Author: Chris Whittington

Date: 02:05:38 10/08/97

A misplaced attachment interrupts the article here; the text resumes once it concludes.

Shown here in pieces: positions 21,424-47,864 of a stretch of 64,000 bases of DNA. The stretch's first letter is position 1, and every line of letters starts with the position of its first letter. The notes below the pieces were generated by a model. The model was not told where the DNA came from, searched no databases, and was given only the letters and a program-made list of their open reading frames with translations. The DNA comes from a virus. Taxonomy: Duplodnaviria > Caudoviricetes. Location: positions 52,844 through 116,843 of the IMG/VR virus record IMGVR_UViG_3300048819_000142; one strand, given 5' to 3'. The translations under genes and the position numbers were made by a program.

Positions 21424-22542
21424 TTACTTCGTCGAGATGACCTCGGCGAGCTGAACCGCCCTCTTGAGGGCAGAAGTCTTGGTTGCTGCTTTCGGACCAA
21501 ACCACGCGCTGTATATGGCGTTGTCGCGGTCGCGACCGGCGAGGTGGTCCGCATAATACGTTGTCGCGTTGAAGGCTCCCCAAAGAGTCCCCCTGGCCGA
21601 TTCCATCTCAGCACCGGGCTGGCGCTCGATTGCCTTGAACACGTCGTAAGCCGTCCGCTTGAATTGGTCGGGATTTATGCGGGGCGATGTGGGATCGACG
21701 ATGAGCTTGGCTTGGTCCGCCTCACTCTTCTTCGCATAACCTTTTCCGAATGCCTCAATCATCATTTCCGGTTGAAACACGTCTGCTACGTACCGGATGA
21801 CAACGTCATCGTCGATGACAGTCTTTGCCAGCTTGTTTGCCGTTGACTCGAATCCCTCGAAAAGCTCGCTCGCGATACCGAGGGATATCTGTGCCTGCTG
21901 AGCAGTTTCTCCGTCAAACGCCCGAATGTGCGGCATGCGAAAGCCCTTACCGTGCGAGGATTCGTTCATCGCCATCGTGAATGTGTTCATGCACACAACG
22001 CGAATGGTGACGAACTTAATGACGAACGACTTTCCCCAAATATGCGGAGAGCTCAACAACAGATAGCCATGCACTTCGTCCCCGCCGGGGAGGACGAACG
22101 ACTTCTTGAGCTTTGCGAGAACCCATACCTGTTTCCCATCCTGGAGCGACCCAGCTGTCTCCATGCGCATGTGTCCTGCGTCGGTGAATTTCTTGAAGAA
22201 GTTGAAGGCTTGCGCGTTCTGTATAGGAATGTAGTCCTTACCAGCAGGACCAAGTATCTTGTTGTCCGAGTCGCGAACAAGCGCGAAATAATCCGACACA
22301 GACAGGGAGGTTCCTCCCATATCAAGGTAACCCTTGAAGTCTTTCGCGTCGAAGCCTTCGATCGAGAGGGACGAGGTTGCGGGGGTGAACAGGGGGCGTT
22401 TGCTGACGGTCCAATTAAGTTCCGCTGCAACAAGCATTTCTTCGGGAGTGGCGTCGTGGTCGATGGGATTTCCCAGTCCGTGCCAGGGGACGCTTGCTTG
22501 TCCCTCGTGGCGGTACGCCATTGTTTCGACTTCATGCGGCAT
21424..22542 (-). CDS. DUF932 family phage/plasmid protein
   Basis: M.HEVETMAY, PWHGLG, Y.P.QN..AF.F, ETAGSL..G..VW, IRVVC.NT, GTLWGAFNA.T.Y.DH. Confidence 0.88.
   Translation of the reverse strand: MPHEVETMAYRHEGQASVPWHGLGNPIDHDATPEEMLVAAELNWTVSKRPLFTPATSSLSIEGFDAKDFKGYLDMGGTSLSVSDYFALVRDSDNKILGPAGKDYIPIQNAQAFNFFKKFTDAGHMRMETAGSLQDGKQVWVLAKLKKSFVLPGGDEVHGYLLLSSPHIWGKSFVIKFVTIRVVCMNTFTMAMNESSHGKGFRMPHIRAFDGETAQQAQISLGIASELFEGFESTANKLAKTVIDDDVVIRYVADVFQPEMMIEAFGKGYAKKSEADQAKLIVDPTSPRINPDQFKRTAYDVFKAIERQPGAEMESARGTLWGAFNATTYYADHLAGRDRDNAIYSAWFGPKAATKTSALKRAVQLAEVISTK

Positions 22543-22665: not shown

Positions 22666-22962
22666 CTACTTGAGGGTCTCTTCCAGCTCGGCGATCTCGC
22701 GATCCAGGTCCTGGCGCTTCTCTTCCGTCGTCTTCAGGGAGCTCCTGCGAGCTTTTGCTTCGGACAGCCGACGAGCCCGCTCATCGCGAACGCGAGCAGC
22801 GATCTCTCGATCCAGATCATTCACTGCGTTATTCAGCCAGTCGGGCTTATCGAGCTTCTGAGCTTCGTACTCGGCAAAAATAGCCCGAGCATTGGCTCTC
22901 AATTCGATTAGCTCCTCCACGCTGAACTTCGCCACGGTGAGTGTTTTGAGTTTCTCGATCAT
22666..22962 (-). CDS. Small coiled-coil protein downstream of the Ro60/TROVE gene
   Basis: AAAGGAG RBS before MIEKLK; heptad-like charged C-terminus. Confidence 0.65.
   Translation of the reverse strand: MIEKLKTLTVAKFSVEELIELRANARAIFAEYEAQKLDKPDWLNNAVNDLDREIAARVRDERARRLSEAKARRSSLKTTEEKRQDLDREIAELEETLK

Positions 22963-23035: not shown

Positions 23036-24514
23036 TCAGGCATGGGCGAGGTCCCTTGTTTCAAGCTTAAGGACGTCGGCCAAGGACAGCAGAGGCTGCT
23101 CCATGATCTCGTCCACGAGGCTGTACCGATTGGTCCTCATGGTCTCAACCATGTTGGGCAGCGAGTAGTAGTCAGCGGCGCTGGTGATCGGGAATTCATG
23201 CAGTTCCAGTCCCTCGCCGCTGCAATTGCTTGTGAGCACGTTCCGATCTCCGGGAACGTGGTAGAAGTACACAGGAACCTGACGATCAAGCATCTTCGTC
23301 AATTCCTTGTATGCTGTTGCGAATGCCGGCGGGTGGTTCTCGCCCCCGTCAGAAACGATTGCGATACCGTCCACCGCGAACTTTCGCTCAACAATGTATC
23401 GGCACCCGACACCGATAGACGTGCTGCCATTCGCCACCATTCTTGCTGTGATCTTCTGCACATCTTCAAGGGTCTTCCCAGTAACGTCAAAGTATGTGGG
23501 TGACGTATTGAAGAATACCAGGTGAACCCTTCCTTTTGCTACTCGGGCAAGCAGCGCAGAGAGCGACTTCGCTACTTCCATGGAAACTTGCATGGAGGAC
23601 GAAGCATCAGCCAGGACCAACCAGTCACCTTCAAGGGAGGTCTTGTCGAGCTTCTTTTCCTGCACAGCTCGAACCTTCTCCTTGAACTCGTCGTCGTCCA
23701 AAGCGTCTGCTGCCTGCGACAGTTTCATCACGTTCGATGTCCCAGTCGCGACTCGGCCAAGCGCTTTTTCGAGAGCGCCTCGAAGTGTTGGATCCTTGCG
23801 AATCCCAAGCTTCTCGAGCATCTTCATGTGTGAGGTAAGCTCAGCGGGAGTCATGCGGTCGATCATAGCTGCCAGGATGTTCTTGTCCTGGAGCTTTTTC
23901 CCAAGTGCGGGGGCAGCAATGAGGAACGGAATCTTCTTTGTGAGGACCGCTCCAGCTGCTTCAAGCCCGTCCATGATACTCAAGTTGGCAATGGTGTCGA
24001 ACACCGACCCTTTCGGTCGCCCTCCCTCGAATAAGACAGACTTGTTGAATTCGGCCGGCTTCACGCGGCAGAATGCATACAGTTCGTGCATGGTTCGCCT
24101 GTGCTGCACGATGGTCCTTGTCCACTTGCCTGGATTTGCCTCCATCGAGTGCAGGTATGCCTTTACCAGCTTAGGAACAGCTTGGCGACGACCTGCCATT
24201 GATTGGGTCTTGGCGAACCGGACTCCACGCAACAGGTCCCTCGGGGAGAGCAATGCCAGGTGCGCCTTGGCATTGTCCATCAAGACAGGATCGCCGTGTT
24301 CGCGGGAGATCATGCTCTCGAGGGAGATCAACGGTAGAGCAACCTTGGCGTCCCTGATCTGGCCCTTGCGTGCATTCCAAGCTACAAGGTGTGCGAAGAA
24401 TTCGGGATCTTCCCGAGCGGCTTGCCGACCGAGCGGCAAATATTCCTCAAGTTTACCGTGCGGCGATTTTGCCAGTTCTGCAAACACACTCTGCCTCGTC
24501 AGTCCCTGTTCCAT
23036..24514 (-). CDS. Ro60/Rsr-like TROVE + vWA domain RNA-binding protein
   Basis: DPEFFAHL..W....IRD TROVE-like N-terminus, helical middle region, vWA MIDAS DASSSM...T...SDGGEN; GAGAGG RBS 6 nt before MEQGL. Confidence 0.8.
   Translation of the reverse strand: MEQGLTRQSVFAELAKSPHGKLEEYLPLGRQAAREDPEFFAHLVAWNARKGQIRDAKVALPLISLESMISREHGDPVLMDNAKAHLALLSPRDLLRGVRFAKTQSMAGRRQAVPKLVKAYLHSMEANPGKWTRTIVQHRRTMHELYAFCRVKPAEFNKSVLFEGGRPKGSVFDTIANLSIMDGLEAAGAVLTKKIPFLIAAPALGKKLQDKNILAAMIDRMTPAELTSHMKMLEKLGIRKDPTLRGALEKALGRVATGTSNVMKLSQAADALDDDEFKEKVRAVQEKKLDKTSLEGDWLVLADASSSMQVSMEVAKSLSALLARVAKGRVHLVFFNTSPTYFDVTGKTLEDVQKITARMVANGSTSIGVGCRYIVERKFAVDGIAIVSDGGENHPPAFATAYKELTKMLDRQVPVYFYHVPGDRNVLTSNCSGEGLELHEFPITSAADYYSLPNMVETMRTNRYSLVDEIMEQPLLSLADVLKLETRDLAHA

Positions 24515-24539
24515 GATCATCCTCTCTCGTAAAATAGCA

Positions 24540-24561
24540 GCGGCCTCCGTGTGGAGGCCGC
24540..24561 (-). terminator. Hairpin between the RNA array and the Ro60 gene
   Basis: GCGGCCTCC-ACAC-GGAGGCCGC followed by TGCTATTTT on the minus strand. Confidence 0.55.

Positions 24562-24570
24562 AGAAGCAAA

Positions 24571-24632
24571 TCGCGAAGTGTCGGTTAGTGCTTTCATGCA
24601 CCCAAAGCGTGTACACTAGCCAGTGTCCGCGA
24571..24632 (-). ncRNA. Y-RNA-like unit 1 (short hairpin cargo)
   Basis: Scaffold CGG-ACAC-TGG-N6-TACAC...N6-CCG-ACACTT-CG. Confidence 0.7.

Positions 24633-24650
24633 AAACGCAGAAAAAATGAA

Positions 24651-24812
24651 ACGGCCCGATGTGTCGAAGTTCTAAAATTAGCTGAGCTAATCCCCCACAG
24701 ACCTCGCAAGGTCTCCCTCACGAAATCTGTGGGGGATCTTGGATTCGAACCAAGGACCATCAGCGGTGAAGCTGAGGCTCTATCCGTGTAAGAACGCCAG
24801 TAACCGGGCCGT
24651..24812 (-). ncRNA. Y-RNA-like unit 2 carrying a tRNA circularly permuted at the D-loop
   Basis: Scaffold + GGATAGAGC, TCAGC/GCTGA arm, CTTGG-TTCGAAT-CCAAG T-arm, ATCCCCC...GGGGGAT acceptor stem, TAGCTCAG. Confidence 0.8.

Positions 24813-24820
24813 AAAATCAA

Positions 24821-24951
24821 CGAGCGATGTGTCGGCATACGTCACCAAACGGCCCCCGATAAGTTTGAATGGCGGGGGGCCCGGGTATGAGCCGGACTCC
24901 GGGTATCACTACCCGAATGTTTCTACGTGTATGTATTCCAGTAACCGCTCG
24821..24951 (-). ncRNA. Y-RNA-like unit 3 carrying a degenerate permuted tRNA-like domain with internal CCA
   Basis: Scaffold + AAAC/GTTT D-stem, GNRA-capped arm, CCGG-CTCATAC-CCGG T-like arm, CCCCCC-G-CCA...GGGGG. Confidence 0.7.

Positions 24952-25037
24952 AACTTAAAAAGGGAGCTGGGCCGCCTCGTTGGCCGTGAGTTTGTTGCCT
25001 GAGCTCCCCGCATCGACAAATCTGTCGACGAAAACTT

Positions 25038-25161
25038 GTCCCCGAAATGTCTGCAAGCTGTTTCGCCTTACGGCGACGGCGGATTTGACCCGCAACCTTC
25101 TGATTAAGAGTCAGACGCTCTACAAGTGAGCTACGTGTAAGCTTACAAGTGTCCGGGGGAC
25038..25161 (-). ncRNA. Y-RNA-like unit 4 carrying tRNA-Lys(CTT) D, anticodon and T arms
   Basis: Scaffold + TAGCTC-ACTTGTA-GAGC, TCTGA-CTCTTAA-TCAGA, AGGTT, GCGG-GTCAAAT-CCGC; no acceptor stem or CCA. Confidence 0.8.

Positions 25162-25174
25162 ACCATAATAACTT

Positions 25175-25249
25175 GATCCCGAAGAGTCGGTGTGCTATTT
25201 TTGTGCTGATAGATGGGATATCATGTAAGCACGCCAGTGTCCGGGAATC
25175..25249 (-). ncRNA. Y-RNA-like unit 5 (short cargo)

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On October 08, 1997 at 03:06:49, Ed Schröder wrote: > >With Rebel9 Power Analyse I have tested both 36.Qb6 and 36.axb5 till >iteration 17. Results: > >17.00 1.20 Qb6 Rd8 Be4 Qe7 axb5 Rd6 Qa5 >17.00 0.62 axb5 axb5 Qb6 Rxa2 Rxa2 Bc7 Qe6+ > >Both analysis stopped at ply 17 after about 3 hours. > >Does this help you? > >Perhaps you can (again) explain your point of view as I didn't get it. > >What I see is a remarkable score difference of 0.58 which in comparison >with Deep Blue can have many reasons. Please pick a few... > >1.. Perhaps Deep Blue has seen more? >2.. Perhaps Deep Blue evaluation versus Rebel differs a lot? >3.. Perhaps Deep Blue evaluation sucks here? >4.. Perhaps Rebel9 evaluation sucks here? >5.. Perhaps there was a bug? (It wouldn't be the first time) >6.. Perhaps hash collisions? > >My personal opinion... >1. 60% >2. 25% >3. 0% >4. 0% >5. 5% >6. 10% > >Too many explanations to call move 36 fishy :)) > >To point 6 the following... >I always wondered how DB handles hash collisions as with 200,000,000 NPS >you can bet on it that this subject need VERY special attention in my >opinion and is very hard to judge if things are programmed well. > >Rebel on a fast Pc does 100,000 NPS and I sometimes really wonder if >the hash table operates in an acceptable way with 100,000 NPS. After >all with hashing we try to put 64 bytes (the board) into 6-8 bytes (the >hash key). > >As a result (I have tested it) you get many hash collisions even if I >extend the hash key to 8 bytes. This all is with 100,000 NPS. Sure I >have built-in some checks, but is it sufficient to catch them all? > >Now DB is advertised as a 200,000,000 NPS machine. >So 2000 x faster than 100,000 NPS. >So also 2000 times more hash collisions? Its worse than this, no ? Suppose you do P hash indexes per second (P is going to be related to the node rate P, by N=P/4 approx) EACH of these hash indexes has a finite chance of colliding with any other of the hash indexes. For EACH hash index the chance of collision per second will be proportional to P. So for P hash indexes generated per second the chance of any one colliding with any other will be proportional to P^2. So hash collision chances increase with the SQUARE of the node rate. >And is it all handled well? > >And how to judge if hash collisions are handled well? > >In the past I have made a special version to test the hash table which >ALSO stores the whole board in the hash table. Every transposition was >carefully checked with the current board. Problem, a speed decrease of >factor 20-30 or so. Also a very limited hash table size because of the >64 extra bytes for every hash entry. > >Open question: Does our hash table software needs to be polished again >because of todays faster Pc's and bigger Ram? Yes please ...... :) Chris > >- Ed -

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